‘So welcoming:’ ‘Rondo and Bob’ documentary about horror movie icons filmed at Taylor

Joe O’Connell shot many scenes in Taylor for his documentary about an art director’s obsession with horror movies with a disfigured actor who played villains and monsters in the 1930s and 1940s.

“Taylor has a nice post office that looks like that period and I got permission to shoot there,” said O’Connell, a resident of Hutto. “They were so welcoming.”

The film, titled “Rondo and Bob,” received several awards at film festivals, including Best Documentary at the Atlanta Horror Film Festival and Best Feature at the Midwest Monster Film Revival in Illinois. .

The film will screen at 7 p.m. Saturday at the Howard Theater at 308 N. Main St. in Taylor. Admission is free but only 100 seats are available. Viewers are encouraged to bring canned food to help a food bank in Taylor.

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The documentary focuses on the intense interest of late Austin horror film art director Robert A. Burns – known for his work in the original ‘The Texas Chainsaw Massacre’, ‘The Hills Have Eyes’, ‘Re -Animator” and “The Howling” – had in an actor named Rondo Hatton, who was in over 100 films.

A former Tampa Tribune reporter and World War I veteran, Hatton was diagnosed with acromegaly at a war hospital, O’Connell said. The disease, caused by excess growth hormone as an adult, caused her face, hands and feet to grow disproportionately compared to the rest of her body.

After Hatton married his second wife, they moved to Hollywood in 1936 and Hatton then used his unique facial features to become “the Creeper” in a series of films, beginning with the Sherlock Holmes story “The Pearl of the death”.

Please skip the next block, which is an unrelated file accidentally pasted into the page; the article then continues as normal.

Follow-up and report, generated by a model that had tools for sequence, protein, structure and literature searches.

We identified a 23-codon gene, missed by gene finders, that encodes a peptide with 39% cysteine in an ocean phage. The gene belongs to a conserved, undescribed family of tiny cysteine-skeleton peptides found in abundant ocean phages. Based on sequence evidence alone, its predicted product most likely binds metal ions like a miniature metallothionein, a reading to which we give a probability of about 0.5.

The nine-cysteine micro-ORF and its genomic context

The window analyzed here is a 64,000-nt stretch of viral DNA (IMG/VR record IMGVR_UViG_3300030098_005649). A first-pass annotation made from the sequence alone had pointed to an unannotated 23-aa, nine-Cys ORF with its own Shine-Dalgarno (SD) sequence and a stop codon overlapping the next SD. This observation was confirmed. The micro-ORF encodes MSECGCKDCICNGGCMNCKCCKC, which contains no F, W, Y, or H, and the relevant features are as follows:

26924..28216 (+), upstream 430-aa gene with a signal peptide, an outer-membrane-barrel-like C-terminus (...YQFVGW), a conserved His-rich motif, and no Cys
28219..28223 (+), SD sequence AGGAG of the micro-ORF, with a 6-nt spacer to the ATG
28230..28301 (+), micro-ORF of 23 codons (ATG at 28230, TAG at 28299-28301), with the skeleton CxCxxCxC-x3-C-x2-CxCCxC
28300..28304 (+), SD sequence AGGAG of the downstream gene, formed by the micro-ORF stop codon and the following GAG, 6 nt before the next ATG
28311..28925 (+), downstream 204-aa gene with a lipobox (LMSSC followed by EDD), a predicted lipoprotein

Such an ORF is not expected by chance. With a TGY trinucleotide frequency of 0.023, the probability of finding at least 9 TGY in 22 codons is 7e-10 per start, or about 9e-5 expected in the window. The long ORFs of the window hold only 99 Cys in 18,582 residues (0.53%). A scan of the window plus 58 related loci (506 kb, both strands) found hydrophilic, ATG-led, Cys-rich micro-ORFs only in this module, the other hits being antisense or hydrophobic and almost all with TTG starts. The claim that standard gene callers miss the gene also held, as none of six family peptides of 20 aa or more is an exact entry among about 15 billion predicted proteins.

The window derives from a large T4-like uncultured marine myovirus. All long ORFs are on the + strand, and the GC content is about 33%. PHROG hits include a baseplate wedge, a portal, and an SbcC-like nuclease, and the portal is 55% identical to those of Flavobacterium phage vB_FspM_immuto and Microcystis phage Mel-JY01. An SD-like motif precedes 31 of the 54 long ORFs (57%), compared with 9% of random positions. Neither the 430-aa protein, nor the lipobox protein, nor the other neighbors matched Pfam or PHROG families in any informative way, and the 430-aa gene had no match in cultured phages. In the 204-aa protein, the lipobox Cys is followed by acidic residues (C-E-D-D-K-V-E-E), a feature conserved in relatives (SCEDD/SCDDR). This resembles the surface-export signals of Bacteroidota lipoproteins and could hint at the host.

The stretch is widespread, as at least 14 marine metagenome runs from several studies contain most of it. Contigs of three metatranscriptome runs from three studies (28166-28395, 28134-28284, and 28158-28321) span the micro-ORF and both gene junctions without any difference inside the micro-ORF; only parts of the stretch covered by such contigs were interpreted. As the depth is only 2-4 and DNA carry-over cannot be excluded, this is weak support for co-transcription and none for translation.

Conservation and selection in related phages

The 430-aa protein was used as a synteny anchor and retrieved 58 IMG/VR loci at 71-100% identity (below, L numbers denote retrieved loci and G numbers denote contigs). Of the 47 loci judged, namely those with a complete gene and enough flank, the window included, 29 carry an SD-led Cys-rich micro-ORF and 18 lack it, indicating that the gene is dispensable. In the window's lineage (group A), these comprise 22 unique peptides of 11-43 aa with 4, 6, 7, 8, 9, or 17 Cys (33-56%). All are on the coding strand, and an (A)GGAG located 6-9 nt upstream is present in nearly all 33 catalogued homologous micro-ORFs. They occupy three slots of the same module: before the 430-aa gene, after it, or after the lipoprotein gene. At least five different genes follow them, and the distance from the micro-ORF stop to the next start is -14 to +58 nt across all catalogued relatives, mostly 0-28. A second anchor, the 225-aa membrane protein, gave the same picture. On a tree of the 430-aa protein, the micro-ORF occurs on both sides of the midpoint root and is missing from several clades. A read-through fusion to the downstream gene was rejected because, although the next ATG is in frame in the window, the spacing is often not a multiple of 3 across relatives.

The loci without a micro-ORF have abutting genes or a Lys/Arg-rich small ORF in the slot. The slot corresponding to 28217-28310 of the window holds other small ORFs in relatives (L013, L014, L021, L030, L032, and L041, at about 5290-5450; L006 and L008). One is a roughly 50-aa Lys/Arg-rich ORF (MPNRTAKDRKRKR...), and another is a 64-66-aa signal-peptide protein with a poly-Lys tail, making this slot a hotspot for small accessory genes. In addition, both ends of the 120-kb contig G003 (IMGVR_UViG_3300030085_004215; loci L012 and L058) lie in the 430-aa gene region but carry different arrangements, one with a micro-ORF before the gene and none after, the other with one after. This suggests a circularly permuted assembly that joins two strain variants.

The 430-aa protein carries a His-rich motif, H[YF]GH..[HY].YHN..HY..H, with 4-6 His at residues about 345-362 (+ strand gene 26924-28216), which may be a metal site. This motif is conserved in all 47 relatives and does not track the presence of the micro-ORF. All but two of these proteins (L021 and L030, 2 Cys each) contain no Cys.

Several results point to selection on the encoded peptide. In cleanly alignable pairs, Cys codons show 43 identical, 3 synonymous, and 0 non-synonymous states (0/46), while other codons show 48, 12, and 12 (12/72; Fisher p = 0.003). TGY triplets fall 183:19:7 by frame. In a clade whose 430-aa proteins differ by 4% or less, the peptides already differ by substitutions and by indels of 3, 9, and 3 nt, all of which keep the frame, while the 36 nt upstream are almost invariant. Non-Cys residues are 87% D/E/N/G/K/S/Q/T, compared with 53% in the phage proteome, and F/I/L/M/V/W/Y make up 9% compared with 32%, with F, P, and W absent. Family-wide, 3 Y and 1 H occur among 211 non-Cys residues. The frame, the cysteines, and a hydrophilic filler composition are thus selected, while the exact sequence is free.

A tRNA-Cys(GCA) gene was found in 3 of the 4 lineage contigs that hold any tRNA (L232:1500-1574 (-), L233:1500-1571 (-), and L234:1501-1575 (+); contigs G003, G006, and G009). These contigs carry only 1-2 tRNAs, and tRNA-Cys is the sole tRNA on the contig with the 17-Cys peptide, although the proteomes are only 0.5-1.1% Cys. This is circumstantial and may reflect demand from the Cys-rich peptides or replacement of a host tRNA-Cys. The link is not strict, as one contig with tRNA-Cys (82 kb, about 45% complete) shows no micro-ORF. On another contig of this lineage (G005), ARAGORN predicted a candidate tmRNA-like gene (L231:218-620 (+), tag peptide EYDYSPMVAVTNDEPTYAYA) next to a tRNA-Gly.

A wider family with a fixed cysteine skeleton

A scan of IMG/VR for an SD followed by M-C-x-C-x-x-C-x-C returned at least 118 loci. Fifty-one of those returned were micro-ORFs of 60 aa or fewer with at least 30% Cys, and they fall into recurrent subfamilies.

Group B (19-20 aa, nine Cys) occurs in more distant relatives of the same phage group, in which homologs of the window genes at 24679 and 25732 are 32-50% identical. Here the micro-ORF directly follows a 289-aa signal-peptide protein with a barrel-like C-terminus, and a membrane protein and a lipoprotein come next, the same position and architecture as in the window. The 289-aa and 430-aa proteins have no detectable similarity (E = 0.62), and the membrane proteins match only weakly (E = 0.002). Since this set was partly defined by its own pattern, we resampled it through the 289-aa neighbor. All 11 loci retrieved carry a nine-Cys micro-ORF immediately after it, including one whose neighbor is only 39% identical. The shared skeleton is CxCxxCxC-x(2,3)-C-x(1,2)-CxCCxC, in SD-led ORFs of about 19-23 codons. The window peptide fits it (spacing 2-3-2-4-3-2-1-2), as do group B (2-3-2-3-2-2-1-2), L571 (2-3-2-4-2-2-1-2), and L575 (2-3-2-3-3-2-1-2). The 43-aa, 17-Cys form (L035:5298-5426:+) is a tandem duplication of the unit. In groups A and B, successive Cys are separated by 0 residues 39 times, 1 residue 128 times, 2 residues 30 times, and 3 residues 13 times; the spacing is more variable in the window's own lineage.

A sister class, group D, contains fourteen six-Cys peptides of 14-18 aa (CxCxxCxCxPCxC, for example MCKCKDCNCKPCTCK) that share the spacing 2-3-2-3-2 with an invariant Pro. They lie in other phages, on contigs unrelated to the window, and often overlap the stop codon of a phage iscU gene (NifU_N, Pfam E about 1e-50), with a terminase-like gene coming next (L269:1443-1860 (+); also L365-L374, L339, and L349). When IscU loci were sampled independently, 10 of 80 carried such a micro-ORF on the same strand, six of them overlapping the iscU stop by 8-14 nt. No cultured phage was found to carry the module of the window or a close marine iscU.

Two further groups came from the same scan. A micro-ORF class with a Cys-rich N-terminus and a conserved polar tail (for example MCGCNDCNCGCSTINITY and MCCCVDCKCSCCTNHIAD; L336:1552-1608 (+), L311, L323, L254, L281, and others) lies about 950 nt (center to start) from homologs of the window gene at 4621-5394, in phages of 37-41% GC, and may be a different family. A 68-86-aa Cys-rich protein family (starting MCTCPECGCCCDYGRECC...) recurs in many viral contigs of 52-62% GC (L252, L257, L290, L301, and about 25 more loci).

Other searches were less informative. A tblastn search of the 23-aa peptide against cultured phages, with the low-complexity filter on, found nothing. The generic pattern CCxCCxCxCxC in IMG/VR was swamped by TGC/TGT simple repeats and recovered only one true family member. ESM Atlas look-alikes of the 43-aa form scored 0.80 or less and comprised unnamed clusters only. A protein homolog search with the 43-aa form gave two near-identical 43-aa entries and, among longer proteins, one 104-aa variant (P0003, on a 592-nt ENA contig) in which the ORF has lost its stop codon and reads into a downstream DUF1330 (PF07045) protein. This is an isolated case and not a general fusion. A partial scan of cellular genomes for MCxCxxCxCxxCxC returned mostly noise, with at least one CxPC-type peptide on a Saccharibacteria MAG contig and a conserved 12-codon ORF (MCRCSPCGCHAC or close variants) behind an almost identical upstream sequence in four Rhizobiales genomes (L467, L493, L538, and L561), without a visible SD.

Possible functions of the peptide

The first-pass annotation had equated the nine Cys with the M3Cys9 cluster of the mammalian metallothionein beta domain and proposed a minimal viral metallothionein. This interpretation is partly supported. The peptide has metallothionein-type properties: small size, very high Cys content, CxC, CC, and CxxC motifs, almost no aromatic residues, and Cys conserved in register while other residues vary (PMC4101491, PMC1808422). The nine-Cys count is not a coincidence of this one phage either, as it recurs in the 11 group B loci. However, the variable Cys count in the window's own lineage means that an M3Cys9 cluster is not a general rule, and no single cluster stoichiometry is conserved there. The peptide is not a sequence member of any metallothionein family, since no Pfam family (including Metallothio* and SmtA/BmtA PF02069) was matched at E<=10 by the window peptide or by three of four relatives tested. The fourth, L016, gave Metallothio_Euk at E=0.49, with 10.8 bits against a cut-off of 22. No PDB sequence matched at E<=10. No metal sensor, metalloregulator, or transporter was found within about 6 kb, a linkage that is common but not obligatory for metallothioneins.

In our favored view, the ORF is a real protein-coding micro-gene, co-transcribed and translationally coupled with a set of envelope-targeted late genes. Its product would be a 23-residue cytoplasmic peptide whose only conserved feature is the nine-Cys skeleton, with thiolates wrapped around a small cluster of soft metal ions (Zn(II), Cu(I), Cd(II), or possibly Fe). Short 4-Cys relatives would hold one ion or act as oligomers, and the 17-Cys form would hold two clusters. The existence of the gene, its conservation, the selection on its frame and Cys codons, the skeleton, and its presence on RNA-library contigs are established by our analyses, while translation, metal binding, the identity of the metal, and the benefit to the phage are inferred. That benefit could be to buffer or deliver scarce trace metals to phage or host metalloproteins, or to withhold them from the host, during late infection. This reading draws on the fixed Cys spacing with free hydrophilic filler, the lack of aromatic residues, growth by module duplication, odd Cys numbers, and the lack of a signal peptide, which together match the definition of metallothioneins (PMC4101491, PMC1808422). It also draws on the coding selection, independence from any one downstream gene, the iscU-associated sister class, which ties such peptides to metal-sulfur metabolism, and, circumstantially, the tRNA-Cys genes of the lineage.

Hatton died of a heart attack in 1946 at the age of 51. Burns never knew Hatton but started watching his college movies at the University of Texas in the 1960s, O’Connell said.

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Burns tracked down Hatton’s widow, interviewed her and became an expert on Hatton’s life, said O’Connell, a former film columnist for several newspapers, including the Statesman.

“I believe he (Burns) saw something of himself in him,” O’Connell said. “He saw Rondo’s outward ugliness as a manifestation of his inner ugliness (Burns).”

Rondo had a happy marriage while Burns felt unable to love, O’Connell said.

The late Statesman humor columnist John Kelso also appears in the film because he knew Burns and interviewed him. O’Connell said he also interviewed Burns for a film column he wrote in 2000.

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“He handed me a script called ‘Rondo and Mae’ (Rondo’s wife) and it was a love story,” O’Connell said. O’Connell said he did not use Burns’ screenplay but ended up writing, directing and producing his own screenplay.

Burns died by suicide in 2004.

Several scenes from the lives of Hatton and Burns were filmed at numerous locations in Taylor, including an art gallery called 120Art, an old antique store called Amy’s Attic, the old Taylor High School, and Pecan Manor Bed and Breakfast, O’Connell said. .

He said he used the antique store to film a scene of a World War I hospital and used the bed and breakfast to shoot scenes from Burns’ childhood.

Taylor resident Janetta McCoy, who owned the bed and breakfast when the scenes were filmed, said she was just glad someone admired the house – built in 1890 – enough to shoot a movie there.

“One of the attractions of this city is its historic character,” she said.

City council member Robert Garcia was able to help O’Connell when he learned the filmmaker was looking for 1920s cars for the film.

Garcia said that because he belonged to more than 200 car clubs, he was able to get five Model Ts and Model A’s for one stage.

“Taylor, with its historic downtown district, easily throws back to the 1920s,” Garcia said. “I can’t wait to see the movie so I can say, ‘I was there and I remember it.'”

This article originally appeared on Austin American-Statesman: ‘Rondo and Bob’ portrays a prolific horror art director and his muse